Universal literacy, a moderately effective system of healthcare, a comprehensive railway network and a greater degree of gender equality than is usual in the Muslim world, and a highly educated and skilled urban population were all notable Soviet achievements.
On the negative side of the balance, the Soviet ecological legacy is almost uniformly disastrous, including the destruction of the Aral Sea, radiation caused by nuclear testing, growing soil salinization and other forms of chronic environmental pollution. With the partial exception of Kyrgyzstan, the authoritarian traditions of Soviet rule have so far prevented any of the Central Asian republics from making a transition toward more representative forms of government.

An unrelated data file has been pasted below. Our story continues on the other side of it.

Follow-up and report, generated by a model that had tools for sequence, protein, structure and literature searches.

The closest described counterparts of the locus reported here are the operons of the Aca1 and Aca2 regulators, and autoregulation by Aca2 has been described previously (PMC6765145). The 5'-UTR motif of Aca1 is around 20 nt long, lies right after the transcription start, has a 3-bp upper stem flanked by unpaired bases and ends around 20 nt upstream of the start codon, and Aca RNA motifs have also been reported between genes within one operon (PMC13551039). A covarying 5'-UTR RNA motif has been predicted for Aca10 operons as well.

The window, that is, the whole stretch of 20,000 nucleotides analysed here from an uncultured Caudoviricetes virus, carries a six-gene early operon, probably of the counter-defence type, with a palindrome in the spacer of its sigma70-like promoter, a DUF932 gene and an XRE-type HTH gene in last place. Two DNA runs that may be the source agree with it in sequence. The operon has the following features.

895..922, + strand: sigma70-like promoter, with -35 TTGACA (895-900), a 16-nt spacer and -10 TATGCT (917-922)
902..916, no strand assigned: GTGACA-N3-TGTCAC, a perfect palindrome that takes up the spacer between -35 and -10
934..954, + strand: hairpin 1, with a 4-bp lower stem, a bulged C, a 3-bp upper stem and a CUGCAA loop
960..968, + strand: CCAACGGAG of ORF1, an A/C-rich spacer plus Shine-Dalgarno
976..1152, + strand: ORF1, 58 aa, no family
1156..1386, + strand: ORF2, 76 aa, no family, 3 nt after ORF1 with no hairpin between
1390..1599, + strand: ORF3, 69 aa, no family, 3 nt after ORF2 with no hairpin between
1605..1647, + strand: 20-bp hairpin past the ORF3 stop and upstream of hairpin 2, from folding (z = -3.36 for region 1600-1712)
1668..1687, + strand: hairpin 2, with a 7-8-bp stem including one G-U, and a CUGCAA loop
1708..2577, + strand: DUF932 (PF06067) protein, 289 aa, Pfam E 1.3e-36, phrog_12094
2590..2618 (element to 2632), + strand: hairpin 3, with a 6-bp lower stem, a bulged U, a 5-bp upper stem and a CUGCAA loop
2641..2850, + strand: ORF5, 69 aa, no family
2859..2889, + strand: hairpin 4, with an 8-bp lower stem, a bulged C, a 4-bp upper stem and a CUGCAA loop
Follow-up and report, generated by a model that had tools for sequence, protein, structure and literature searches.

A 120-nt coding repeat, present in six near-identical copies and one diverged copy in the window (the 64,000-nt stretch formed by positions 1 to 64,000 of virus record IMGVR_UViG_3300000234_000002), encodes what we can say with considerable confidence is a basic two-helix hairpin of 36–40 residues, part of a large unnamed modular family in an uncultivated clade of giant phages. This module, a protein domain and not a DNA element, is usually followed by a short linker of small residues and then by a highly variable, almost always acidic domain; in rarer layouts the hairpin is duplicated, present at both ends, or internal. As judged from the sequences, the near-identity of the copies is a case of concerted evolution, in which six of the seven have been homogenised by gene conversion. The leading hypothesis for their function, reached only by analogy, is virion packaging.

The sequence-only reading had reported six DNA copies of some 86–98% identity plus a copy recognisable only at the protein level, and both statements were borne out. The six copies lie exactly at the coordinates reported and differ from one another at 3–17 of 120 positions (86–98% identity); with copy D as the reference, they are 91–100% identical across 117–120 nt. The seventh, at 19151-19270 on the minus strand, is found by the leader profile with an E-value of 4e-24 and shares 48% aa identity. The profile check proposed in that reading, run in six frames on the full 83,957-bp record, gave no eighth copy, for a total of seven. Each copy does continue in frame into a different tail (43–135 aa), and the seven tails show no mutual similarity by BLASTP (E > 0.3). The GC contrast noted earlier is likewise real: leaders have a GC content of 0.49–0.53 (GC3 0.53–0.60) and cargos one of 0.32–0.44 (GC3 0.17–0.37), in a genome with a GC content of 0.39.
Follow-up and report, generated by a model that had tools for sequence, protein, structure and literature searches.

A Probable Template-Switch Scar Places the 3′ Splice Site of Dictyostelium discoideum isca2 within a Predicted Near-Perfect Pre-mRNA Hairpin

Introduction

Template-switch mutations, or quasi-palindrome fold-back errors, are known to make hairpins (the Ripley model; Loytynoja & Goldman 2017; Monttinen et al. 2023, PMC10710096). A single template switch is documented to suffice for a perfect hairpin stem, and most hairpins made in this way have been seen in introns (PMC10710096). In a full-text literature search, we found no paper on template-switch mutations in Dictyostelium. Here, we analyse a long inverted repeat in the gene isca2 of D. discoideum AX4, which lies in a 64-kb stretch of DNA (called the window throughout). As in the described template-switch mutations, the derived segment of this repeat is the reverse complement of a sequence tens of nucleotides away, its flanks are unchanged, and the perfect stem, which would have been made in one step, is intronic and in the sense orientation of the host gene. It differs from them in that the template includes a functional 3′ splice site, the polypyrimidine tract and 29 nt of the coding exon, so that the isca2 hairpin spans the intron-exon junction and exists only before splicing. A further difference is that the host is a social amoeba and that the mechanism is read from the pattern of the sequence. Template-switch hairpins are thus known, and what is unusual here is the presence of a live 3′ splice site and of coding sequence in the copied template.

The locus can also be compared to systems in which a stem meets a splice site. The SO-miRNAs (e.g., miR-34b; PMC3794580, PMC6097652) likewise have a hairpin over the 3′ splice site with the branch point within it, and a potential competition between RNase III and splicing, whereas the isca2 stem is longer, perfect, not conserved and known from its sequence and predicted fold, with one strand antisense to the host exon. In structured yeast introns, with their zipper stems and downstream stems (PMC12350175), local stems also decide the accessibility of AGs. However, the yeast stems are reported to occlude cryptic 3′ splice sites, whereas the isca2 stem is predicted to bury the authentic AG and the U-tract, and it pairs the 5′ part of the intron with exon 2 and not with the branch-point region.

And finally, for good or ill, cultural and linguistic Russification is another important long-lasting legacy.
See related articles on The Red Legacy, EurasiaNet’s special project dedicated to evaluating the 1917 Bolshevik Revolution’s lasting effects.
Alexander Morrison is Fellow and Tutor in History at New College, Oxford. From 2014 - 2017 he was Professor of History at Nazarbayev History in Astana, Kazakhstan. He is the author of Russian Rule in Samarkand 1868-1910. A Comparison with British India (Oxford, 2008) and is currently writing a history of the Russian conquest of Central Asia. http://oxford.academia.edu/AlexanderMorrison